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A few summers ago I’d just finished my second year of University. Instead of working in my hometown all summer I decided to do something a little different. Universities in England have long holidays of about three months, which is the perfect duration for a short adventure.
I chose to start my adventure in the small touristic town of Le-Puy-En-Velay, France.
The reasons for venturing into this little town in the middle of France was because I was able to stay there for free. Yep! Completely free! This was perfect for a skint student like me. All I needed to do was find £50 for the flight from England to France, and the rest of the costs would be taken care of.
But there was a catch… I had to work for it!
These programs allowed me to connect with people overseas that were looking for help on their farms. You work 4 to 5 hours a day in exchange for accommodation and food. Not bad.
For my WWOOF experience, I was only going to France, but I left England with butterflies. This experience was the first bit of proper traveling I’d done on my own.
I arrived outside the local train station for my lift to the farm. I waited 45 minutes and began to worry. What if they’d forgotten? I had no way to contact them, and I was a long way from home. As many of these unnecessary worries raced around my head, a car flew around the corner shouting my name while honking the horn.
A borderline handbrake turn bought the car to an abrupt stop, and the door flung open.
“Michel!! Jump in!”
What did I get in exchange for volunteering?
A short car journey finished with any worries disappearing. We pulled up to my accommodation for the next two weeks, and I couldn’t believe my luck.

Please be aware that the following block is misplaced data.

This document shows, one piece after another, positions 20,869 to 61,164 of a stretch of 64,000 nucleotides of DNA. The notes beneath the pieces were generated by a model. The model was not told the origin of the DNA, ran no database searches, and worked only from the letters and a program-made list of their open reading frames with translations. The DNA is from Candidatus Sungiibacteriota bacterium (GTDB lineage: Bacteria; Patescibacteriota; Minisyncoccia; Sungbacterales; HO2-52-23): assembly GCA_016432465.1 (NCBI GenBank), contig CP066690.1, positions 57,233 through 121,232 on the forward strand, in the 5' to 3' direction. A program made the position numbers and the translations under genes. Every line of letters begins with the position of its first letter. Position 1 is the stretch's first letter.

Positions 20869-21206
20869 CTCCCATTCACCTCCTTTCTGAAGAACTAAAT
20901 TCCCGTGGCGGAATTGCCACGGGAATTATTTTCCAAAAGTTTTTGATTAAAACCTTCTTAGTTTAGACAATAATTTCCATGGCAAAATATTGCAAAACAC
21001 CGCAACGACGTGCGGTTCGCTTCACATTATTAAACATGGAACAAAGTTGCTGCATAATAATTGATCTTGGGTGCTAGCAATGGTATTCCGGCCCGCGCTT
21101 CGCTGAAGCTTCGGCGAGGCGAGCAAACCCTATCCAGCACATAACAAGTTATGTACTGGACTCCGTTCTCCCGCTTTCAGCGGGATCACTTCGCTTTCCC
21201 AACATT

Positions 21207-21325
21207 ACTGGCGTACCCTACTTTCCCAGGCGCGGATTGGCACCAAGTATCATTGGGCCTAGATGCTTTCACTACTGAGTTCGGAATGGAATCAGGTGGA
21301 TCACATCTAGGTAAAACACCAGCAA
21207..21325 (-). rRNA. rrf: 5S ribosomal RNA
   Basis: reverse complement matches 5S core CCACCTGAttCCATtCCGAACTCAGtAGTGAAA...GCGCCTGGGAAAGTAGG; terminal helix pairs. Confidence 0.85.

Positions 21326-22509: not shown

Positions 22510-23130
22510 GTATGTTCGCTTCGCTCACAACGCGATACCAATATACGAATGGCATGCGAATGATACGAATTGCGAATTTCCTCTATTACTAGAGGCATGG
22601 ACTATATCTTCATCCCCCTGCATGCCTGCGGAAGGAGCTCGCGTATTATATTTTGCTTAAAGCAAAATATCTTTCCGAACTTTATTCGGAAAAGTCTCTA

It was a beautiful château that had belonged to the family for generations. The outside was nice, but my room inside the house was even nicer.
This accommodation – plus home-cooked meals – would cost me nothing apart from a few hours each day helping out on the farm. As soon as I met my hosts, they treated me as part of the family, and the work felt like nothing more than helping out some good friends.
WWOOF sounds great! Let’s have a day in the life.
8 am – 10 am. During my time there, I was in charge of herding sheep from one field to another. Something I’d never before so was quite a challenge when I first started. However, with anything, if you practice it enough you get good at it. Other duties included driving vans, helping a goat give birth to triplets and capturing an escaped ram!
By the end of my two weeks, I was far from the standard of my hosts, but I was just about able to get the flock to do what I wanted. Much better than at the start of my experience which resulted in me chasing after strays more than anything else!
10 am – 12 pm. General odd jobs. This time was often filled with whatever needed doing that day. Duties included some light gardening, moving stuff, and fixing broken things.
12 pm – 1 pm. Finish work for the day and stop for a huge feast of wine and cheese. And that was it!
After lunch, I was free to do as I pleased. I often had long chats with my host, or the other volunteers and I would go into town. Le Puy-En-Velay is part of the famous Camino de Santiago, so there are lots of nice cafes and touristy activities for people to do.
Reflections on experiences like these
This initial experience was for a total of two weeks. Not much in the grand scheme of things, but it was important because it gave me confidence in my ability to travel. I loved volunteering so much that I went on to help restore an old château further south in France, work on a farm in Italy, as well as three other experiences that summer.
If you have even a slight idea about travel and work exchange, you should go for it. You’ll save a bunch of money, but more importantly than that, it enables you to delve deeper under the surface of an area, and meet real people that live there.
Long-term travel can occasionally give the feeling of a lack of direction. There are only so many temples you can see before the amazing starts to become a little mundane and perspectives start to warp slightly. Being able to productively contribute to small communities helps to connect on a personal level and gives a sense of accomplishment.
Helping local people in exchange for nothing more than your basic needs gives you that warm fuzzy feeling inside, and changes the way we look at the world. At the risk of sounding a little cliché, that’s what real travel is all about. At least to me.